You should go beyond writing a basic will, however, when you’re dealing with a sizable estate. Check out these steps on how to set up a bequest:
1. Think About Where You Want Your Assets to Go
The most important reason to set up a bequest is to control what happens to your assets after your death. The state’s testamentary laws decide where your assets go if you don’t have a will, so you need to be proactive. You can also designate a guardian for your minor children.
2. Consider Setting Up a Trust
A will dictates where your assets go, but your estate will still need to go through probate in most cases. This is a legal process that verifies the legitimacy of your will, pays your estate’s debts, and distributes your assets according to the directions in your will. Probate can be a time-consuming step.
A trust allows your assets to pass to your heirs without going through probate, and it also lets you create specific instructions that may take years to follow. You can distribute your assets to your heirs incrementally over time, for example. Your trust can also prevent your heirs from receiving anything until they reach a certain age, unless they want funds for a specific purpose such as buying a home, going to school, or starting a business. These are just a few basic examples of how you can use a trust.
3. Name an Executor or a Trustee
An executor oversees your estate after your death and ensures your wishes are carried out as outlined in your will. A trustee administers your trust. You can choose a family member, a friend, or an attorney as the executor of your estate, but ideally, if you have a trust, you should select a professional trustee.
4. Update the Beneficiaries on All Your Accounts
Life insurance plans and retirement accounts require you to name a beneficiary, and this information typically supersedes the instructions in your will. Your will might say you want your estate to be split evenly between your two closest friends, for instance, but your life insurance policy still lists your ex-wife as a beneficiary. She will receive those funds after your death instead of the heirs named in your will. Updating your beneficiaries prevents this type of scenario from happening.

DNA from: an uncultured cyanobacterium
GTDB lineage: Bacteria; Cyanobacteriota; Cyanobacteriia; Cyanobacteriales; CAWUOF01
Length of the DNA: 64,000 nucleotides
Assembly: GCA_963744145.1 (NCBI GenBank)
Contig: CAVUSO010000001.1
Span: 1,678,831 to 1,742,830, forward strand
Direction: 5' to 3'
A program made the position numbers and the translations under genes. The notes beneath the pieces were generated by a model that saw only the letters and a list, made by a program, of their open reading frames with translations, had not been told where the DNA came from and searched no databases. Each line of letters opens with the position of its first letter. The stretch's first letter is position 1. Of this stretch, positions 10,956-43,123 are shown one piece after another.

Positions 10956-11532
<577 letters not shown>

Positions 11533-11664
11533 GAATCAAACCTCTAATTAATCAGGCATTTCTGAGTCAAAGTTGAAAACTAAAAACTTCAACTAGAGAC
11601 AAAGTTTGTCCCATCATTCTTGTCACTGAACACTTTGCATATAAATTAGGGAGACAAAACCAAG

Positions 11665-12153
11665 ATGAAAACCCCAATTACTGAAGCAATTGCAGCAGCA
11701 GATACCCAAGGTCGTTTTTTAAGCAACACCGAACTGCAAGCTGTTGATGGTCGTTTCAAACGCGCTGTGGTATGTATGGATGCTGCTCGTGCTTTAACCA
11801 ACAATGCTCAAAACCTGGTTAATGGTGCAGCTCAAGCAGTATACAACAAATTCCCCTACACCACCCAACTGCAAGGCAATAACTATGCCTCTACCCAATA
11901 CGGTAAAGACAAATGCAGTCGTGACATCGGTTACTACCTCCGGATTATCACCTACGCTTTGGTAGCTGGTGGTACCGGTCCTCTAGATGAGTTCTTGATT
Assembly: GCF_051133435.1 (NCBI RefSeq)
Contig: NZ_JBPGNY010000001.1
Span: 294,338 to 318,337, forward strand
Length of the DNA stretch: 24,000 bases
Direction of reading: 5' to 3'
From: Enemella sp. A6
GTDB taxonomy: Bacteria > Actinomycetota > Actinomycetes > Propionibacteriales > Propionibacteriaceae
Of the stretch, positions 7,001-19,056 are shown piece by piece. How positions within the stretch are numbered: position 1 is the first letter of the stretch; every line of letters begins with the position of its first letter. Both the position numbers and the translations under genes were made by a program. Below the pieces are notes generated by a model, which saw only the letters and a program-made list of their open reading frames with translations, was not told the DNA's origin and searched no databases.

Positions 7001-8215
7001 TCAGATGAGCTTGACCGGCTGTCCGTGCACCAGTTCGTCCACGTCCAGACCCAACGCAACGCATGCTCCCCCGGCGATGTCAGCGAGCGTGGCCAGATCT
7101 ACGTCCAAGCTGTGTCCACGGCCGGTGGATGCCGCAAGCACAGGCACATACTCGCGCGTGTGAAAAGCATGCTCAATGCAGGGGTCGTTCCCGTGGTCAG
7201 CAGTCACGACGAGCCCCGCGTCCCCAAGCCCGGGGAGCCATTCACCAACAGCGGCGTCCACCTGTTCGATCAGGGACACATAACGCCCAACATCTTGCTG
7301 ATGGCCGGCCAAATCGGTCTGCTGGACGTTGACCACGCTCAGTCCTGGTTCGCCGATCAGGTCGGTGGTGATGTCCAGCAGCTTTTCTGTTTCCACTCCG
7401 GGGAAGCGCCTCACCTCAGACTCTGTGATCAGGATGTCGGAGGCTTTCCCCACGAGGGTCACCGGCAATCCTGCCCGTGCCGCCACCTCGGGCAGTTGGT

5. Work With an Estate Planning Professional
Wealth management is a complicated process, and if you want to preserve your intergenerational wealth, you need to work with a specialist. A wealth management professional can help answer questions like what is a bequest. They can also help you understand the most effective ways to leverage trusts and other wealth management tools, so your assets go where you want them to go after your death.
Trust is at the center of everything we do at Bogart Wealth. We want to see your assets stay in the family. We want to help you minimize the estate tax. We are ready to answer your questions and help you make a plan. Our team is dedicated to helping you achieve peace of mind by preserving and maximizing your wealth for you and your heirs.
To learn more and discuss your wealth management needs, contact us today.